Montrose finished 7-0, followed by: Carbondale 6-1, Forest City 5-2, Blue Ridge 4-3, Elk Lake 3-4, Mountain View 2-5, Susquehanna 1-6 and Lackawanna Trail 0-7.

In boys' basketball, Forest City finished third.

Mountain View was 7-0, followed by: Lackawanna Trail 6-1, Forest City 5-2, Blue Ridge 3-4, Susquehanna 3-4, Carbondale 3-4, Elk Lake 1-6, and Montrose 0-7.

In high school wrestling, three county teams combined to go 2-15 at the Lackawanna Trail Duals Saturday. Montrose and Susquehanna each went 1-5 while Mountain View was 0-5.

Ridgway defeated Abington Heights, 39-30, for the tournament championship and West Scranton came in third.


Dana Bennett, a sophomore center from Forest City, has been the clear leader of the Wilson College women's basketball team.

Bennett, who has started all 11 games for the 5-6 Phoenix, leads the team in most statistical categories. She is Wilson's leader in scoring (15.2 per game), rebounding (9.5 per game), field goals (71), field goal attempts (136), field goal percentage (.522), free throws (25), free throw attempts (43) and blocked shots (20).

Bennett went 12-for-19 for 24 points while adding 11 rebounds and three blocked shots during a 59-55 win over Gallaudet College in December. During that week, she had 37 points, 26 rebounds, seven blocked shots, four steals and three assists in two games to earn ECAC Player of the Week honors. Wilson is 1-2 as a member of the Atlantic Women's Colleges Conference.

In addition to her basketball success, Bennett is also a starter on the Wilson College soccer team.


The Binghamton Senators play at the Wilkes-Barre/Scranton Penguins Sunday.

In high school wrestling, Elk Lake is at Scranton Prep January 31 in a meeting between the two Lackawanna League Group B co-leaders. The match could decide the division title.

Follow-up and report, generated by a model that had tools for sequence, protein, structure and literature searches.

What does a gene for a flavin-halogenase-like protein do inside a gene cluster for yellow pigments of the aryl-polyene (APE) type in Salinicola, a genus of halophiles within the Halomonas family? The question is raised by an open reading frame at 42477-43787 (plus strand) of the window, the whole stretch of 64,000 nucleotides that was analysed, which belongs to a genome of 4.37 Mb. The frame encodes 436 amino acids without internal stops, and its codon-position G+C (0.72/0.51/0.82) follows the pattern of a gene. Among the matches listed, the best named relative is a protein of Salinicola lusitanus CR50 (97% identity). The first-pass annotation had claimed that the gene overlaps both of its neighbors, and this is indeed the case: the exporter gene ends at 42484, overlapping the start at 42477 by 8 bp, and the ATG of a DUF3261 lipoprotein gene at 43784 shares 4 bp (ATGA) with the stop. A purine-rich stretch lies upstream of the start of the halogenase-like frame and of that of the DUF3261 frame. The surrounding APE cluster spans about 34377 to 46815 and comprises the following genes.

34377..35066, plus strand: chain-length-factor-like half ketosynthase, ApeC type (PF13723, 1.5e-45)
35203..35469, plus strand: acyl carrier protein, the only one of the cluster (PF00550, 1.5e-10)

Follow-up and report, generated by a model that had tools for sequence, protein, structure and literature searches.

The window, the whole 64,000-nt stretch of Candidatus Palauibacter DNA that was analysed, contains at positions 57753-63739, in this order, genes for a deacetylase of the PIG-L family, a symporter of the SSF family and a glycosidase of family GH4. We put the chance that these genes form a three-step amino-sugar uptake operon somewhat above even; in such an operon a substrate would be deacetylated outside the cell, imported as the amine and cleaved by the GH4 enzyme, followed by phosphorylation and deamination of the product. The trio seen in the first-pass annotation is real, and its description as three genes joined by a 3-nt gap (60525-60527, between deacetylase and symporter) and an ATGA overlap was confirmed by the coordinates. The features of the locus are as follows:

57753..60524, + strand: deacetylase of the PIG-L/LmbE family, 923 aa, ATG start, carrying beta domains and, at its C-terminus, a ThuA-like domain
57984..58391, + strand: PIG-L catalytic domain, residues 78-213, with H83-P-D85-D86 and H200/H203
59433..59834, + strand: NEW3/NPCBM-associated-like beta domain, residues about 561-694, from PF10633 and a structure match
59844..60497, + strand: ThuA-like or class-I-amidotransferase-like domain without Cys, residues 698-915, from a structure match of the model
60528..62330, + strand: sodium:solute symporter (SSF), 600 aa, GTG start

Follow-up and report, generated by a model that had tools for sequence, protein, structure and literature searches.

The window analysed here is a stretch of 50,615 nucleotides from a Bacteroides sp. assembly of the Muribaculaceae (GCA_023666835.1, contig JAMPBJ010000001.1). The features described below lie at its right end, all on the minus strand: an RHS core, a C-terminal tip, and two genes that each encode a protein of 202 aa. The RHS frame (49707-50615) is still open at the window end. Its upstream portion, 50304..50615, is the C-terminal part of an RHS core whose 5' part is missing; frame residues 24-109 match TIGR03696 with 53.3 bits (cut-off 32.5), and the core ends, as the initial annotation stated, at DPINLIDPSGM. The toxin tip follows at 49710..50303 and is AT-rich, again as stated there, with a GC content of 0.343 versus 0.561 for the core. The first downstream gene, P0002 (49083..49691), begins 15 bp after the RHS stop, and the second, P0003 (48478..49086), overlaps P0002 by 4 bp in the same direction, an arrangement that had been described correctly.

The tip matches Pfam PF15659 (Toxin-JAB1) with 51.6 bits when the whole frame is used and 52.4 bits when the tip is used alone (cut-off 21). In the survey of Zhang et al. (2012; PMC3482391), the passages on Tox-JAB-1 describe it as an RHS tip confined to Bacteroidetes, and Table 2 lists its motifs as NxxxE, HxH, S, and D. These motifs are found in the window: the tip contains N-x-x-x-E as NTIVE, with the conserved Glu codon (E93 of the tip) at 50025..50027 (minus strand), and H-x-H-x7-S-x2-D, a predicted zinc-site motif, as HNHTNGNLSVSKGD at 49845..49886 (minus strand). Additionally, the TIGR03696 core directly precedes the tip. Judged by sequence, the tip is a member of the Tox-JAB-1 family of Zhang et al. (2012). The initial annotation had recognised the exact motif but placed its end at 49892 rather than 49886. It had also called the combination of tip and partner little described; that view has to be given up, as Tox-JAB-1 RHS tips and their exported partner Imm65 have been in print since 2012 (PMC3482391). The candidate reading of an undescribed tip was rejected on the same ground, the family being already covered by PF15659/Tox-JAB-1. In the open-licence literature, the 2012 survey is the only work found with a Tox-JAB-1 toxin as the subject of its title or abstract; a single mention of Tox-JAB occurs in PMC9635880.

TOM ROBINSON writes a weekly local sports column for the Susquehanna County Transcript. He can be reached online at

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A WOMAN NAMED “LOU” – When Bill France Sr. sought out ways to increase the attendance at his local racing shows, before founding NASCAR, he decided to look for a woman racer.

That woman turned out to be Louise Smith of Greenville, SC.

Smith, who became the first woman inducted into the International Motor Sports Hall of Fame, in Talladega, Ala., got her start in racing in 1945 when France Sr. came to Greenville looking for a crowd-pleasing race promotion. He found it in Smith, then 29, who had a reputation for outrunning the police.

After racing on local tracks, she sneaked off to Daytona in February, 1947, to see if she could tame the famed beach course. She planned to use her husband’s Ford Coupe, and hid a special engine in the trunk.

Never having raced on the sandy beach before, she was following a line of cars through the north turn, when there was a seven-car pileup.

“I hit the back end of one of them, went up in the air, cut a tire and landed on my top,” she said. “The cops were standing next to an old wooden grandstand, and they ran over, turned the car back on its wheels, and I finished the race 13th.

“I couldn’t take the car back home in that condition, so I drove it as far north as Augusta, GA, and left it at a garage for repairs.”

After arriving home on the bus, her husband asked her where the car was.

Her explanation did not convince her husband, who pulled out a local Greenville newspaper. The front page headline read, ‘Louise Smith Wrecks at Daytona.’

Smith had fallen in love with the sport and though her husband refused to watch her race or approve, there was always help waiting at the track in the form of a couple of his mechanics from the family auto-related business.

“I won a lot of races, crashed a lot too, and broke just about every bone in my body,” she said during a 1996 interview. “But I gave it all I had.”

Smith was born in Barnesville Georgia in 1916 with her first foray behind the wheel ending up in disaster underneath the chicken coup on her family’s farm in Greenville. She knew how to step on the gas pedal but didn’t think about the stopping. Even though the car was a wreck and her father mad, this skill would later prove helpful throughout her career.